The Arab Israeli conflict has no room for a “narrative.” There are only facts

I am always entertained when I witness debates between Israelis  and those that call themselves Palestinian Arabs (and their supporters) over who will win the heart, soul and mind of the world. Both sides of the Arab Israeli conflict use their own semantics to achieve their set goal. I have heard the use of expressions such as agenda, disinformation and  lies enlisted towards that end. These are part of the propaganda war terminology, a tool used by many. None bothers me. I do, however, have an issue with the use of the term “narrative,” which many on both sides have, unfortunately, adopted

One of the meanings of the word “narrative” is “tale.” What associations jump into your mind when you hear that word? I will tell you what comes into mine

A narrative, to me, represents a tale, something more befitting a bedtime story or legend, one that appeals to one’s fantasy, secret, and perhaps not so secret, wishes and dreams.  A narrative can be true, embellished or a mere figment of one’s imagination. How do we know when and if a narrative is any of these

When it pertains to issues that seal the fate of many, there is no place for the ambiguous nature of a narrative.  The Arab Israeli conflict is one example of the misuse of such a term. Its utilization has merely become a means by some to manipulate world opinion and sway it to their side. Life in the region is complex and poses daily threats to the existence of many. In such a reality, one cannot use a vague term such as “narrative.”  Too much is at stake for both sides of the conflict, in particular, and the world, in general

In order to reflect the nature of the Arab Israeli conflict more accurately and seriously, one should adopt a more objective terminology. And what is better than the use of facts when it concerns objectivity? y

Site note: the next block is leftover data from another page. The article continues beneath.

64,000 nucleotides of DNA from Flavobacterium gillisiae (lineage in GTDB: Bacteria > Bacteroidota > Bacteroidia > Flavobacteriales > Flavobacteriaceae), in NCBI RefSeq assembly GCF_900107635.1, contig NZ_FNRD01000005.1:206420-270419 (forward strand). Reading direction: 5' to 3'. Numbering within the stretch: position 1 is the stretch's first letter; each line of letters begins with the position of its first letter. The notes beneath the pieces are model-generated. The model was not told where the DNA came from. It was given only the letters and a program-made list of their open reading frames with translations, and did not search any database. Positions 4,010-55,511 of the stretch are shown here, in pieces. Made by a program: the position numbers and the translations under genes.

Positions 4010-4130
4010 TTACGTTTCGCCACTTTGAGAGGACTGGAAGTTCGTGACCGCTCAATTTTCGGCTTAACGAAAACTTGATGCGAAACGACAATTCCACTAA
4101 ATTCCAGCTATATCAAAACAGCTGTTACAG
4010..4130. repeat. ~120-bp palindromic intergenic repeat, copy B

So, here are some facts

Fact one: Israel is a Jewish state and not only because we, Jews, defined it as such. It was decreed as a Jewish state by world, mostly the non Jewish world, entities, and organizations through majority rulings. These include UN Resolution 181 which divided the Land of Israel into two states, one Arab, one Jewish. Prior to that, there were the Balfour declaration of 1917 and the San Remo Accord of 1920 which recognized Jewish Rights to the Land of Israel

Fact Two: The Arab world rejected the U.N. partition plan of November 29th, 1947. That resulted in Israel’s War of Independence which started one day after the Jewish state was born

Fact Three: It is true that as a result of Israel’s War of Independence, a serious refugee problem was created on both sides of the conflict

Fact Four: Every war in history has created a refugee problem. Those refugees had been either absorbed by their own societies, or received asylum in other countries and we never heard about them again. Those that call themselves Palestinian Arab refugees are the only group of refugees in world history that has gained a hereditary status

Fact Five: Israel did not want to enter war in 1967. It was forced into it and elected to engage in a preemptive strike. As a result of Israel’s victory, it ended up possessing territories where many victims of the 1948 war had been hoarded years earlier into refugee camps by their leaders

Fact Six: “To the victor belong  the spoils of war” is as old a concept as the history of wars. “Land for Peace” is a recent notion and applies only to the Arab Israeli conflict

Fact Seven: Despite ongoing offers by Israel to help bring that conflict to an end, sometimes with sanguineous outcomes to many, the Arab world rejected them all

It is rather facts and not their misinterpretation, embellishment or misrepresentation that should be the guiding principle at the core of Arab Israeli issue. In most cases, unfortunately, it is narratives which seem to steer it. These narratives are merely versions written by interest groups in support of their agenda as they use every means to push it into the minds of a slumbering world that refuses to learn from history

About the Author
Bat-Zion Susskind-Sacks is an English teacher and a pro Israel advocate. She lives in Israel and has recently published her first novel, "On A Wing From The Holy Land."
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